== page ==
Arthur - come home and get a lawyer. The word on the street is that Obama is forgiving everyone... and moving on...Madoff is out on bail and word is he will never go to jail.
Obama's letting Bush and Cheney go! Don't do anything rash. You can live and be well. It's only money.
Missing money manager believed alive: associate
By Jim Loney
MIAMI (Reuters) - A missing Florida money manager is believed to be alive, his business associate said on Saturday as police investigated the possible disappearance of hundreds of millions of dollars from investment funds.
The family of Arthur Nadel, 75, a Sarasota, Florida, philanthropist and president of Scoop Management, Inc., reported him missing on Wednesday.
He left a note for his family that was characterized by a local newspaper as a suicide note. Police would not disclose its contents but said his family believed he was "distraught" at the time of his disappearance.
On Friday, Sarasota police launched an investigation, saying they had received complaints that "hundreds of millions of dollars" may have vanished from the funds Nadel managed.
Neil Moody, a Nadel business associate and the founder of a fund family that invested with Scoop, said Nadel has been in contact with Nadel's wife. He said he believed Nadel was still alive.
"At this point we have every indication that he is," Moody told Reuters, adding that he did not know where Nadel was.
"If we knew where he was, we'd be on him," Moody said.
The Florida investigation, which the Sarasota Herald-Tribune said could involve as much as $350 million, began just over a month after the arrest of New York money manager Bernard Madoff on charges he ran a giant $50 billion Ponzi scheme that shook the investment world.
The Madoff case rattled charities and wealthy families in Palm Beach on Florida's east coast. The Nadel allegations have struck hard in Sarasota, on the state's west coast, where the missing money manager was well-known in society circles and a prominent donor to local causes.
Moody's Valhalla Management said it contracted with Nadel's Sarasota-based Scoop Management to invest funds branded as Valhalla, Viking, and Viking IRA. The Herald-Tribune said Moody told investors in a statement this week that the funds may have "virtually no remaining value."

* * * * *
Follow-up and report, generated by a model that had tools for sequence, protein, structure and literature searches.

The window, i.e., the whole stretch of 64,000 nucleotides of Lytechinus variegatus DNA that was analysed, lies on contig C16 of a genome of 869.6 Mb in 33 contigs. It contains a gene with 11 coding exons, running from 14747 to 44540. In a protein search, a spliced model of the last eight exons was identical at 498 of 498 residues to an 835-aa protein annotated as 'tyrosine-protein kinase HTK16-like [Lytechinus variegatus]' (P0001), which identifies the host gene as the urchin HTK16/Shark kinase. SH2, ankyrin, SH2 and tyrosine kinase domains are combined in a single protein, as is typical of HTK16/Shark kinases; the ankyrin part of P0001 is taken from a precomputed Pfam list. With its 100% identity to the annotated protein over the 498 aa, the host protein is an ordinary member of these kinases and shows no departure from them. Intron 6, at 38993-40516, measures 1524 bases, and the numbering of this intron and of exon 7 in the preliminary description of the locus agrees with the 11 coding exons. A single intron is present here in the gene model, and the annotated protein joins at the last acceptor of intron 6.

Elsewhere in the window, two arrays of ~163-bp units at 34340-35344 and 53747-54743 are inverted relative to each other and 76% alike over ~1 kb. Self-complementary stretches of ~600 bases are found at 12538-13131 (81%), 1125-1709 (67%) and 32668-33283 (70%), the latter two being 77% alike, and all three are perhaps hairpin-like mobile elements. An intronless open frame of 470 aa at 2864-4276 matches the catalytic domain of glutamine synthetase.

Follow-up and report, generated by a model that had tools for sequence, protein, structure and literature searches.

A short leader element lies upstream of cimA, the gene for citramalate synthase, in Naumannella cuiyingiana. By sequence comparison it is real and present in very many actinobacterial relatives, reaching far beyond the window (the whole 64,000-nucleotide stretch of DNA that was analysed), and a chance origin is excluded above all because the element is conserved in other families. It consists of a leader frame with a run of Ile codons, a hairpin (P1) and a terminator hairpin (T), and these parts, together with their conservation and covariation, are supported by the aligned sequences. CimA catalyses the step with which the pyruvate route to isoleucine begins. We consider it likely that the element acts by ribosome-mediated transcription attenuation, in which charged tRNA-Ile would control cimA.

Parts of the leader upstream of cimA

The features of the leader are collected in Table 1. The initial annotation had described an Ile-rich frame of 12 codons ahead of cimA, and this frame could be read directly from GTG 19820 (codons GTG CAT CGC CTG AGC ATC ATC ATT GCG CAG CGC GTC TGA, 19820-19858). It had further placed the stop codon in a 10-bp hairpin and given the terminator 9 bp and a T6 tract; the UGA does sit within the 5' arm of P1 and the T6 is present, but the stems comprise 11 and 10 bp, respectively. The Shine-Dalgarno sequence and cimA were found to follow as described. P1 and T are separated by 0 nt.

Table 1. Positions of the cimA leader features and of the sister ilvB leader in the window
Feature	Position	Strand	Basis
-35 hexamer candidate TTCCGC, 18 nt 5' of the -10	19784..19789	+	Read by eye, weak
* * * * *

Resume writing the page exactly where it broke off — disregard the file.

The paper said Moody had contacted the U.S. Securities and Exchange Commission and other authorities to report the situation.
In a statement issued on Saturday, Valhalla Management characterized Nadel's last message as a suicide note.
"It appears, however, that he is likely still at large. It also appears that he has engaged in improper and unauthorized activities," the statement said.
"The owners of Valhalla Management, who had contracted with Scoop Management to invest substantially all of Valhalla and related fund's assets, are cooperating with all local and federal authorities to determine exactly what happened."
VICTIMS CONTACT POLICE
Moody, who is also prominent in Sarasota social circles and active in causes ranging from the YMCA to the local symphony, was the founder of Valhalla Management and Viking Management, according to published reports.
Moody's lawyer, James Fox Miller of Boies, Schiller and Flexner, issued a brief statement via e-mail saying that Moody and his son, Christopher, were also victims of Nadel.
"Our clients Neil and Christopher Moody just learned that they, along with many others who invested monies with Arthur Nadel have been victimized by his unauthorized and inappropriate actions," it said.
Sarasota police said the investigation began on Friday after calls from at least five possible victims. Capt. Bill Spitler said many of the victims appeared to have lost $500,000 or more, some the majority of their life savings.
Other victims had come forward since news of Nadel's disappearance broke, Spitler said.
Geoff Quisenberry, Nadel's stepson, was quoted in the Herald-Tribune on Saturday as saying Nadel's family was not ready to comment on the allegations.
"Other than that, all I can say is ... we love him. We miss him. We hope that he is safe, and we hope that he comes home," Quisenberry told the newspaper.
(Editing by Mohammad Zargham)